The Federal Reserve, noting recent signs of economic strengthening, yesterday raised a key short-term interest rate for the fourth time this year to prevent inflationary pressures from building.

Fed policymakers, in a statement issued after their rate-setting meeting, sounded slightly more upbeat about the economy's performance than after their previous meeting in September, leading many financial analysts to conclude that the central bank will nudge up its benchmark rate again in December.

But some observers cautioned that the Fed officials' statement left open the option of leaving rates unchanged at the central bank's meeting next month if the economy falters. Economic output "appears to be growing at a moderate pace despite the rise in energy prices, and labor market conditions have improved," Fed officials said in their statement.

The policymakers decided unanimously to raise the federal funds rate -- the rate charged on overnight loans between banks -- to 2 percent from 1.75 percent. The rate influences many other business and consumer borrowing costs, which are determined by financial markets.

Banks responded by raising their prime lending rate for business loans to 5 percent from 4.75 percent. Consumer rates that are linked to the prime rate, such as those on many home equity loans and credit cards, may rise by as much.

Stocks were little changed by the close of trading yesterday, in part because the Fed action had been widely anticipated in financial markets. Stocks rallied initially, as investors interpreted the Fed's economic assessment yesterday as sunnier than before. The Fed's action marked its fourth consecutive rate increase since late June, when the funds rate was at 1 percent -- the lowest level since 1958. Fed officials started raising the rate at their June meeting after leaving it at 1 percent for the previous year, providing an "emergency" level of economic stimulus to support a wobbly economic expansion and prevent deflation -- a damaging drop in the overall price level.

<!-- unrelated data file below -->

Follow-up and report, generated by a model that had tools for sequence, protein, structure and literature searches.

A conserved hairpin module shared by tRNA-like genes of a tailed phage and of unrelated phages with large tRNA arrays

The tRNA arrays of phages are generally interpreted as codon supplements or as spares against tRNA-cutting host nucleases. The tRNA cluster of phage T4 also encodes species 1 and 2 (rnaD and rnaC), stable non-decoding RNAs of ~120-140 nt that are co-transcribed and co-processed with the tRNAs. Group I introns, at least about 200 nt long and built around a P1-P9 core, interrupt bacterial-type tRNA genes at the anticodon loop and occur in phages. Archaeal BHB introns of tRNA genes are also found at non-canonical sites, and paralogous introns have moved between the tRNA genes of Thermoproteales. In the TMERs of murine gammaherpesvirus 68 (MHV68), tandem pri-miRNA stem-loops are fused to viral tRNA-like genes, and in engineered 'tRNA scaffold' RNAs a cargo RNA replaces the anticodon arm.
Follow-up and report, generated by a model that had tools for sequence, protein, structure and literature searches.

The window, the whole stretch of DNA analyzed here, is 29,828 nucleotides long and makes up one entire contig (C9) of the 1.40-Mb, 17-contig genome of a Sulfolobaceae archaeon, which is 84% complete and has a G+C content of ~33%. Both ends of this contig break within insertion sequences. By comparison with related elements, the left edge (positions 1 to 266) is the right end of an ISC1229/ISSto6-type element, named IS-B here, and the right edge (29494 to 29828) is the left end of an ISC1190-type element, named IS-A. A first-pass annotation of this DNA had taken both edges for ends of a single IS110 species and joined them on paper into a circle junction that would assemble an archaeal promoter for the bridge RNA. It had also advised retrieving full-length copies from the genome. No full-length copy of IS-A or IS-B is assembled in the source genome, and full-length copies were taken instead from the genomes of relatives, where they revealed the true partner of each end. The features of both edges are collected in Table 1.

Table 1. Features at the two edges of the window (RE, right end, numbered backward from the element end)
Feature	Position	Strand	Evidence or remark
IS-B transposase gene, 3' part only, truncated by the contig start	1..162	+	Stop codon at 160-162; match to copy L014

At 2 percent, the rate is still very low and should continue to stimulate economic growth by encouraging borrowers to keep spending.

The Fed's rate increases so far have had no noticeable slowing effect on the economy. Longer-term interest rates, while influenced by the Fed, are determined by financial markets in response to a variety of factors and have remained relatively low in recent months.

For example, the national average rate on a 30-year mortgage reached its highest point this year in May, at 6.34 percent, and has drifted generally lower since. The average rate was 5.7 percent last week, compared with 5.94 percent in the same week a year ago. Low mortgage rates, in turn, have continued to stoke the booming housing market, providing a significant source of economic growth.

Low long-term rates generally reflect the financial markets' expectations of tame inflation and modest economic growth in the months ahead, which implies continued mild demand for business loans.

Changes in the Fed's benchmark rate also affect the economy with a time lag of many months. That means that an increase now may not be felt in the economy until spring.

Therefore, Fed officials set the rate with an eye on how the economy is likely to be doing next year, rather than next month. They are considering not just what to do at the December meeting, but also how briskly or gingerly to raise rates in the coming year. The answer will depend on how vigorously the economy grows and how restrained inflation and inflation expectations appear to be.

The Fed started raising the rate in June because the economy had grown at a quick clip early this year, making very low rates unnecessary and raising the risk that they would fuel inflationary pressures in the future.